Get a prop :

  1. const myProp = this.props.{propName}
  2. const myProp = this.getProp({propName})
  3. const myProp = this.{propName} : The props are exposed directly in the component instance. This is mostly for frameworks like react etc... Try to not use this as your main property getting method...

The render method

Each component has his own lifecycle. In this lifecycle you will find the render method. This method will be called automatically and with some performance optimization at each of these steps:

  1. When the component is mounting
  2. When the component has received one or more new props

The purpose of this method is to reflect in the DOM his props. This mean that ideally, you will not touch the DOM outside of this method. Sometimes it's not possible to stick to this rule and it's fine as well. You will just need to check that the performance of your component is not degrading the overall user experience if you do so...

Mount dependencies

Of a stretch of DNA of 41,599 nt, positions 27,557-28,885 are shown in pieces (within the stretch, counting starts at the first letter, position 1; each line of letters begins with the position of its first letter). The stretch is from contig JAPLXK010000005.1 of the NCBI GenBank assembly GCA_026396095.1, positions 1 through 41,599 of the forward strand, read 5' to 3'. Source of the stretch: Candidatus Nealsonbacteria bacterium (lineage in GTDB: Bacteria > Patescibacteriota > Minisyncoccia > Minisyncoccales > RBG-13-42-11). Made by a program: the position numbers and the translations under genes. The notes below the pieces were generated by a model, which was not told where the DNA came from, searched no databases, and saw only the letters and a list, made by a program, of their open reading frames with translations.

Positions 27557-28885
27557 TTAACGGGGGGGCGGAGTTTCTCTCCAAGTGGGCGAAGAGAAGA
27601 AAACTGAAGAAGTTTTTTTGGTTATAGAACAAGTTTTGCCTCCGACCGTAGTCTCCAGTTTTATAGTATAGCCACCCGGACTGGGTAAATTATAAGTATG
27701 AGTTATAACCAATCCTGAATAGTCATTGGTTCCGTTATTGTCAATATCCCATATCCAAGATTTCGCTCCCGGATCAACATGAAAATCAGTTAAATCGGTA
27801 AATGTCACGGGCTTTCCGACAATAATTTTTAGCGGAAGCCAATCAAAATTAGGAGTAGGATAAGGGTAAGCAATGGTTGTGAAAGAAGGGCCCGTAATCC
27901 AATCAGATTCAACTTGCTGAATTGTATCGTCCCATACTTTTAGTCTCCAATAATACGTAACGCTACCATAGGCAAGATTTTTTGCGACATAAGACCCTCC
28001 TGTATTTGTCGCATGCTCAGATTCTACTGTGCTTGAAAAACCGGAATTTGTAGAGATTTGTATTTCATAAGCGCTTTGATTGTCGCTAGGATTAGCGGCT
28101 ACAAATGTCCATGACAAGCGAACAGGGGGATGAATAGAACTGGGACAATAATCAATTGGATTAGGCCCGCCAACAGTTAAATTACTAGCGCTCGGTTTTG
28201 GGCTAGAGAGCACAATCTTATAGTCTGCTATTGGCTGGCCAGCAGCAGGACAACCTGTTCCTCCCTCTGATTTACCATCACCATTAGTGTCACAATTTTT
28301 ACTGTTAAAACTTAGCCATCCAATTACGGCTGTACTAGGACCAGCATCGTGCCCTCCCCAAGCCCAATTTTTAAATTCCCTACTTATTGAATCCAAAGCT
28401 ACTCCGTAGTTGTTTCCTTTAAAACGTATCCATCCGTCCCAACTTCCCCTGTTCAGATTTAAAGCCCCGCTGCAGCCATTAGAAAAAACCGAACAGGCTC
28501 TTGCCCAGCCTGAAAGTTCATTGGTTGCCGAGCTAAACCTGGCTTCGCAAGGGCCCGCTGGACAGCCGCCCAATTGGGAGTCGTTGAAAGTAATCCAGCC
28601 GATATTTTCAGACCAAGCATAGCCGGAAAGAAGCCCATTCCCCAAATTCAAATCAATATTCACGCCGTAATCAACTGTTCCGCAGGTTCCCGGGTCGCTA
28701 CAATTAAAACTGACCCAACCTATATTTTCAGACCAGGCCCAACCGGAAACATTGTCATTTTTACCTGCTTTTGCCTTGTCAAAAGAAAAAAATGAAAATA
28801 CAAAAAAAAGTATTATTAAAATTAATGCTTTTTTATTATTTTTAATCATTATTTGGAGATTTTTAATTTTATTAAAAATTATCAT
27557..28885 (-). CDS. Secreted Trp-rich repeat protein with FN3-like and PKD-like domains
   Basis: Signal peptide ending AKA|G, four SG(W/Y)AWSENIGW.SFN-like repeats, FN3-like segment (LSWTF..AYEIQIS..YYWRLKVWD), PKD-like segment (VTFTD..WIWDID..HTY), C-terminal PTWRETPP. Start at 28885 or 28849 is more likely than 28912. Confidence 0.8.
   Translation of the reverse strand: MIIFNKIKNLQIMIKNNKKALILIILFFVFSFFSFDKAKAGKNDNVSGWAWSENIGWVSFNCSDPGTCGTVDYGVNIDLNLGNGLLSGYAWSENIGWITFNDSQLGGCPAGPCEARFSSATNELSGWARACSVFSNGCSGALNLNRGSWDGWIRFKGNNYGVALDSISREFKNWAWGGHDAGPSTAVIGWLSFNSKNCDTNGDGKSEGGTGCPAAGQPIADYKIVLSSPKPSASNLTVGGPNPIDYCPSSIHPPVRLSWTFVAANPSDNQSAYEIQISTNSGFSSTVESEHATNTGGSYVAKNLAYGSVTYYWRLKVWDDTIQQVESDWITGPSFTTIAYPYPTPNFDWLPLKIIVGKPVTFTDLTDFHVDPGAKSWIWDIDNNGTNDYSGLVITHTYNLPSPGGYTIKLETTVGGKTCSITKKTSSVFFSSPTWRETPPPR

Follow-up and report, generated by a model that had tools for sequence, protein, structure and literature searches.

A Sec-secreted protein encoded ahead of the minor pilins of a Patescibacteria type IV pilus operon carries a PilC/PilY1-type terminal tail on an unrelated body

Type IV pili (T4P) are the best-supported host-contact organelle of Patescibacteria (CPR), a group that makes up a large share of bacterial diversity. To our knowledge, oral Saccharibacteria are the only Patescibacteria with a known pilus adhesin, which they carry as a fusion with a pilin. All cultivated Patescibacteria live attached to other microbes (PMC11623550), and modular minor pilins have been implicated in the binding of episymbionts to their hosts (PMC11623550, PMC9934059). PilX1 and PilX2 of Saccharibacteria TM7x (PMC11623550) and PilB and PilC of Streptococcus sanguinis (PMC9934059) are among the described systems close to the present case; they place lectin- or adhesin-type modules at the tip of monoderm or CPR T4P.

You can specify some dependencies that the component has to respond before being mounted. This is useful to check that the context is ok for the component to be inited. Maybe your component need to be nested in another one and has to wait that this one has been inited before mounting itself... Here's how to proceed:

class MyCoolComponent extends SWebComponent {

    /**
     * Mount dependencies
     * @definition     SWebComponent.mountDependencies
     * @protected
     */
    static get mountDependencies() {
        // return an array of promised that represent your dependencies...
        return [function() {
            // here, the "this" will refer to the component instance